Energy Commission Adopts First-in-the-Nation Energy Efficiency Standards for Computers and Monitors

The California Energy Commission adopted energy efficiency standards for computers and monitors with support from industry, environmentalists, consumer groups and utilities. These are the first mandatory standards in the nation that could save consumers an estimated $373 million annually.

For more information please see the frequently asked questions on the proposed computer and monitor standards.

Below are quotations of support for a broad array of stakeholders:

Andrew McAllister, commissioner, California Energy Commission
“It’s common sense that electronic equipment ought to consume a minimal amount of energy when it is not being used. Improved efficiency unlocks millions in utility bill savings for consumers and lightens the load on our electricity system. California’s standards for computers and monitors are estimated to save enough energy to power about 350,000 average California homes for one year. The state, environmentalists, industry and consumer advocates were able to come together to find common ground and create a win-win policy.”

Mark Cooper, research director, Consumer Federation of America
“California’s steady leadership on energy efficiency is crucial, especially at this moment of political change on the national level. Energy efficiency is central to U.S. global economic leadership. It is good for consumers, good for the economy and good for the environment. California’s leadership represents American Federalism at its best. The state has led the way on other efficiency policies and we expect it will have an even greater influence on computers. Silicon Valley is the heart of digital revolution, and we expect California to drive both U.S. and global computer development.”

Pierre Delforge, director of high-tech sector energy efficiency, Natural Resources Defense Council
“These groundbreaking computer and monitor standards represent a significant energy efficiency milestone that will have a national and global impact. The standards also show it’s possible to set efficiency standards for electronic products in a way that produces significant environmental benefits while meeting industry’s business needs. It’s truly a demonstration that the tech industry and efficiency advocates can work together to fight climate change.”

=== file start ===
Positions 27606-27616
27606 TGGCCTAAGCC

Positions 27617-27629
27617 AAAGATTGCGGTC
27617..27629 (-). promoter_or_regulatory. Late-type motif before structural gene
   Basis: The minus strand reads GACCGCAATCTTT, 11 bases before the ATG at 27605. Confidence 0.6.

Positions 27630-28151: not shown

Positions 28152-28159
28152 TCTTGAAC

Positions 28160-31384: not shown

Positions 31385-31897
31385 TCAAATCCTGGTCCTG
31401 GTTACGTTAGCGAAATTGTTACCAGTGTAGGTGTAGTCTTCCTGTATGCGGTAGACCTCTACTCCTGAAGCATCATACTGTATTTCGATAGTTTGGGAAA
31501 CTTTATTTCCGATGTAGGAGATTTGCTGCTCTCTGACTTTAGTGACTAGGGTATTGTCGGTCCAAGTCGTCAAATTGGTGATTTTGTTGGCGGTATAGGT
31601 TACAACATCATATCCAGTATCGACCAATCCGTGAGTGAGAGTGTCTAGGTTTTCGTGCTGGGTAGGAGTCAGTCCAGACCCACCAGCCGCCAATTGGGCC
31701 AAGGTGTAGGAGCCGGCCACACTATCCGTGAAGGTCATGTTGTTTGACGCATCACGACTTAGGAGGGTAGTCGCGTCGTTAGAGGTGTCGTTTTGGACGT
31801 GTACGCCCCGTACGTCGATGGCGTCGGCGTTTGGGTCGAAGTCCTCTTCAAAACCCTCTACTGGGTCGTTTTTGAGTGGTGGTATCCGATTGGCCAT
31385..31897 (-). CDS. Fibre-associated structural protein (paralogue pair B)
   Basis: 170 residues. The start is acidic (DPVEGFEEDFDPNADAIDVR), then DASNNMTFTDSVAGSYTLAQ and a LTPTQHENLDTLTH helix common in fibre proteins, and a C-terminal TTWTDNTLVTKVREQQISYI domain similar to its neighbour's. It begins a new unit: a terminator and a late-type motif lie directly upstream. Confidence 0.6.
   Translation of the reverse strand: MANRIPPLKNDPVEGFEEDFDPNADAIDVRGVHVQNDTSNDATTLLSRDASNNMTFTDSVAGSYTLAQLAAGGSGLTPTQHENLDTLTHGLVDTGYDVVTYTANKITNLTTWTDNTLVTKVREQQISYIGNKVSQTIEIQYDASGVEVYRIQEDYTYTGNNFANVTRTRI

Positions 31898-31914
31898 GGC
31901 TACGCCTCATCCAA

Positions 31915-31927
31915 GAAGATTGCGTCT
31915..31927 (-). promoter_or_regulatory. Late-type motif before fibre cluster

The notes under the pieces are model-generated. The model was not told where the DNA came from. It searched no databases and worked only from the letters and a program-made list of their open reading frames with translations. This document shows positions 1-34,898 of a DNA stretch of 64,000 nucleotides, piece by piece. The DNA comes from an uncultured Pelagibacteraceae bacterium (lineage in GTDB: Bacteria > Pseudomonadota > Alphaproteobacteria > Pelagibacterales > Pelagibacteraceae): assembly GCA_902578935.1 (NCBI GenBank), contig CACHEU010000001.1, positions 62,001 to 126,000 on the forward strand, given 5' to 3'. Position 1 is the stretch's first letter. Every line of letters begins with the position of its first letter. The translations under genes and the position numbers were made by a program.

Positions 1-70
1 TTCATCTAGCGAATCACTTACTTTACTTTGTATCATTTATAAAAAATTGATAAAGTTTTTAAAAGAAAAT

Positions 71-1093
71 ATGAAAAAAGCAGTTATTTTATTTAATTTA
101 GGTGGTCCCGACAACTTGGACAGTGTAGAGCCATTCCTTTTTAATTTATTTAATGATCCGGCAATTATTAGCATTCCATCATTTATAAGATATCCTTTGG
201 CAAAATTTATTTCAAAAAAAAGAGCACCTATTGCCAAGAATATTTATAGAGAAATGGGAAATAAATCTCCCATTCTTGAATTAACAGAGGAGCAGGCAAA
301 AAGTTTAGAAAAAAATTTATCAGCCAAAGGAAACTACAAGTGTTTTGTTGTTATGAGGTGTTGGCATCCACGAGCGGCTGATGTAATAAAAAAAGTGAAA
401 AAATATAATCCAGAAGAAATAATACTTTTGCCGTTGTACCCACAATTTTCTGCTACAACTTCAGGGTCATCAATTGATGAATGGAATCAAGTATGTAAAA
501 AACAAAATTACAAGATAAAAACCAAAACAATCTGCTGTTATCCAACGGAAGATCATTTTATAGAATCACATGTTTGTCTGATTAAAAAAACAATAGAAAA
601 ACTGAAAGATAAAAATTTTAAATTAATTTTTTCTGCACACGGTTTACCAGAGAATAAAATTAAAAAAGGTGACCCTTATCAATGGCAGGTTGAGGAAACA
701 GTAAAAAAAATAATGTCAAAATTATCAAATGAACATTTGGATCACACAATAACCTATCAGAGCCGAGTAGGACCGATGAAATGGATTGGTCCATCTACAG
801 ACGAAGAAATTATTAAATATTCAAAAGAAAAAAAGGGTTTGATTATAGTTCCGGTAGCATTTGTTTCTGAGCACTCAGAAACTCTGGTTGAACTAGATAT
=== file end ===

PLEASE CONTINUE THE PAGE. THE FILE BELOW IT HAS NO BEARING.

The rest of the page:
Rick Goss, senior vice president for environment and sustainability, Information Technology Industry Council
"By collaborating, we've established an ambitious and achievable standard reducing computer idle power by 50% over the next five years while still enabling the tech industry’s innovation that is driving our economy. Technology companies never shy away from solving big problems, and our customers expect us to provide innovative and reliable products that not only enhance their lives, but that also are good for the environment.”

Judy Glazer, global head of sustainability and product compliance, HP
"HP is committed to developing solutions that perform efficiently and effectively throughout their entire life cycle. This new Energy Commission regulation creates a clear timeline for innovation across the industry that will dramatically reduce desktop PC and display energy consumption. HP has a long history of working with California government and businesses to help the state achieve its goals for energy efficiency and appreciates the collaborative approach between the CEC and industry to develop this final regulation."

Andrea Deveau, vice president of state policy and politics, TechNet
“This effort represents an extensive and dedicated process where industry and regulators have worked together to get it right. The standards developed and now adopted are of the most aggressive in the country and will take California and it’s flourishing innovation economy to the next level of efficiency.”

Susan Moore, vice president for public affairs, AMD Corporate
"AMD recognizes the considerable and important work of the California Energy Commission in understanding the opportunities and energy needs of future compute and graphics technologies. Like the Commission, we value a sustainable environment. In fact, AMD is ahead of the projected trend line to achieve our ‘25x20 goal’ to increase the energy efficiency of our mobile processors 25 times by the year 2020, starting from a 2014 baseline. We will strive to meet the State’s expectations as we continue to enable new platform technologies and increase product energy efficiency to benefit our customers and planet."